Elections and Money

One thing is clear from the case of billionaire Michael Bloomberg who won the election for mayor of New York City after spending over $102 million ($175 per vote), outspending his opponent, City Comptroller William Thompson, Jr., 10 to 1—elections can be and are often bought. The media see to that. A candidate gets media time and media attention by buying the time, by spending more than anyone else. And that’s what wins the election; it’s as simple as that. And it’s scary and it’s frightening to think that our political leaders—who make decisions that affect our everyday lives--are not necessarily the best qualified, the most intelligent, the most credible, the most noble; they’re simply the richest.

So what do we tell our students about the relative importance of knowledge versus money? Clearly, if you want to be a politician in the United States money is the more important—at least that’s what got lots of others elected. But here’s the really frightening thing: we put these people in office. We did and do what the media tell us to do.

Yes, to paraphrase Pogo who said it a long time ago, we have met the enemy and it is us.


Eye Contact

While at a restaurant trying to signal the server that I would like the check, I noticed what I guess was always the case, that some servers walk through the restaurant looking at the floor while others (and I'm happy to say, the majority) scan their tables for signs that, perhaps, someone might want more water or bread or that the diners are ready to order or that someone might simply want to ask a question. Don’t we teach this in nonverbal communication? Don’t we teach this at culinary schools? Perhaps some enterprising graduate student will study eye gaze of servers in a restaurant and the relationship it bears to tips. Then, when it’s clear that eye contact is positively related to the size of the tip, servers will look at their diners, at least occasionally.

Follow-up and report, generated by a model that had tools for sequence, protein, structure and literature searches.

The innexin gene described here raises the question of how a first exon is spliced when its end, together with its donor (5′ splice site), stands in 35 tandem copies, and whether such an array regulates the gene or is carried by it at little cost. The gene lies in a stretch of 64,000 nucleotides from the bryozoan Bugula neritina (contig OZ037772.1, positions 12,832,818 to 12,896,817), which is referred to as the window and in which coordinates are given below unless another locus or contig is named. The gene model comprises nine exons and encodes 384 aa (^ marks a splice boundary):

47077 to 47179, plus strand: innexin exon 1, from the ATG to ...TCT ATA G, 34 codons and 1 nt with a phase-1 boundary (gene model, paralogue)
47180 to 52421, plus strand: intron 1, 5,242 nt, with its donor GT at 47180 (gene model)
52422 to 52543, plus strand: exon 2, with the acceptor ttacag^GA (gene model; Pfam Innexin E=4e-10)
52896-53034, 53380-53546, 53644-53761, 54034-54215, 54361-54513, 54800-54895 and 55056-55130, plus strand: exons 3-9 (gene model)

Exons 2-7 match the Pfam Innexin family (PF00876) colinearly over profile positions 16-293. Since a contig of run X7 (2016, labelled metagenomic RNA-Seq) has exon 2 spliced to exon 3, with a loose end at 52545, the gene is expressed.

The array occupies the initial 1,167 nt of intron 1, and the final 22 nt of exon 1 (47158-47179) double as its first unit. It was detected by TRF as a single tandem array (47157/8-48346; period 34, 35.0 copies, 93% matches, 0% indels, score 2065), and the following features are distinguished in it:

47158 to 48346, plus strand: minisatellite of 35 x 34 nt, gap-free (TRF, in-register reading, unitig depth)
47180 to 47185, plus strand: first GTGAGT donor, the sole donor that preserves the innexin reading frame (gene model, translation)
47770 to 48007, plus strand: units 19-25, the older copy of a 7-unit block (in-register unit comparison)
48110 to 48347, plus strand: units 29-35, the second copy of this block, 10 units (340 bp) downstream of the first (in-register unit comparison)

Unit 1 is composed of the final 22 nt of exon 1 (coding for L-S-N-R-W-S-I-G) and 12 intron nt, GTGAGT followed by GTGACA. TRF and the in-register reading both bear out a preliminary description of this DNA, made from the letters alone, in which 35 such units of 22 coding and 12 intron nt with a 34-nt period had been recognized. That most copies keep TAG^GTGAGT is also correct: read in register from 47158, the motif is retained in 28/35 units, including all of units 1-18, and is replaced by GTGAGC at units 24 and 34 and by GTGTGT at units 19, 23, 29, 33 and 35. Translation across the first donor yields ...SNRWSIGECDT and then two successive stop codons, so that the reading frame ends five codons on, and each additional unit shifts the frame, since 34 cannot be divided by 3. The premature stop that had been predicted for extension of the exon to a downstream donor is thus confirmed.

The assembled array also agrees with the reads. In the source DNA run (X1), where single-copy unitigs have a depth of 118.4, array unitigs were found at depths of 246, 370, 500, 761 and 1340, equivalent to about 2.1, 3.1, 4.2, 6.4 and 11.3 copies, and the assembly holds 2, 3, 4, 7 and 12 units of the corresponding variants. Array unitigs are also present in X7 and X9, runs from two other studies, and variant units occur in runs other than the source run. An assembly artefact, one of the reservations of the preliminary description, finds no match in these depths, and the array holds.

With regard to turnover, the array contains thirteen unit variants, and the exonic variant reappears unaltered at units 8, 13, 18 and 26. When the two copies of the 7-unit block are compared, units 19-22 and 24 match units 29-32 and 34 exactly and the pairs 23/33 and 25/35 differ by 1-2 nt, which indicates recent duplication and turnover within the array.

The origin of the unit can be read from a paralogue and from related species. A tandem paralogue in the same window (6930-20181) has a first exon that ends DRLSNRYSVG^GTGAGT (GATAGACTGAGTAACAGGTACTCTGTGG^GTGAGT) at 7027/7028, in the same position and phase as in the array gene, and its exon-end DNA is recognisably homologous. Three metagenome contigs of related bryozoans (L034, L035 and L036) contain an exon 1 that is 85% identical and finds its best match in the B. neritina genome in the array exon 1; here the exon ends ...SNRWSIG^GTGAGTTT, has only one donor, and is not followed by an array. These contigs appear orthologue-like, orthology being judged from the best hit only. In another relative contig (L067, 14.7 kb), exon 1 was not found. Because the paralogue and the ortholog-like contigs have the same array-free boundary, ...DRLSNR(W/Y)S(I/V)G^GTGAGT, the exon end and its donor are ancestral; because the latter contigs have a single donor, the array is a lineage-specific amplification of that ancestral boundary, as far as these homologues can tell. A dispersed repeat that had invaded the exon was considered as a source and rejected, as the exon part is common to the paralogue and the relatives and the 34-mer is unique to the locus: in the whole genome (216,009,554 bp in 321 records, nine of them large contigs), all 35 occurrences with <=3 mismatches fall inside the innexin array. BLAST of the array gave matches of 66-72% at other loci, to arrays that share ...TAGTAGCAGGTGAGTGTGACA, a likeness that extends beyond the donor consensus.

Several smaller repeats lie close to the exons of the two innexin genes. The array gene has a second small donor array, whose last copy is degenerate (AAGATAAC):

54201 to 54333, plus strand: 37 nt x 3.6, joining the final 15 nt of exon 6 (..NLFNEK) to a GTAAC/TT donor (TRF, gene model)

Nonverbal Communication: Scent

Here's a brief article on a soon-to-be-published article on scent and memory. In this study students examined scented and unscented pencils and a ten-point list of the pencil's attributes (i.e., its selling points). The study found that students better remembered (after 2 weeks) more of the attributes of the pencil when it was scented (3.27 out of the 10) than when it was unscented (.87 out of 10). The researcher, Aradhna Krishna of the University of Michigan, concludes: "What we're saying is, it's not just the smell that people remember. It's other things associated with the smell: the brand name, or the shape of the product's box."


The New Celebrity

Thumbing through the latest issue of TV Guide I see celebrity chef Giada DeLaurentiis and am reminded of the great popularity of cooking shows and the emergence of the chef as the new celebrity. It may not be time to dismiss Britney Spears and George Clooney but they sure have to make room for Bobby Flay, Rachel Ray, Paula Dean, Guy Fieri, Sandra Lee, Alton Brown, Ina Garten, Emeril Lagasse, and a host of others. What’s so surprising about this is that the chef has achieved celebrity status in a society that doesn’t cook! It reminds me of what Lazarsfeld and Merton (writing in 1948) called the narcotizing function of the mass media: “The individual reads accounts of issues and problems [or watches television cooking shows] and may even discuss alternative lines of action. But this rather intellectualized, rather remote connection with organized social action is not activity. The interested and informed citizen can congratulate himself on his lofty state of interest and information [for example, knowing the difference between a shiitake and chanterelle or bordelaise from Bolognese] and neglect to see that he has abstained from decision and action [say, buying uncooked food and actually cooking it].”
In short, it seems that watching television cooking shows (or subscribing to Everyday with Rachel Ray or buying a cookbook) and knowing the celebrity chefs (parasocially, of course) is an adequate substitute for cooking.



Here is a wonderful history of the use of the term communicology. I had titled the first 2 editions of Human Communication, Communicology but the term was not well understood at the time and the editor's decision to change the title prevailed. Perhaps it's time for another textbook to be titled Communicology--the study of human communication.

Leadership Styles

Here is an interesting discussion of leadership--perhaps a view that business students in communication courses will relate to more than the traditional systems we use in small group courses.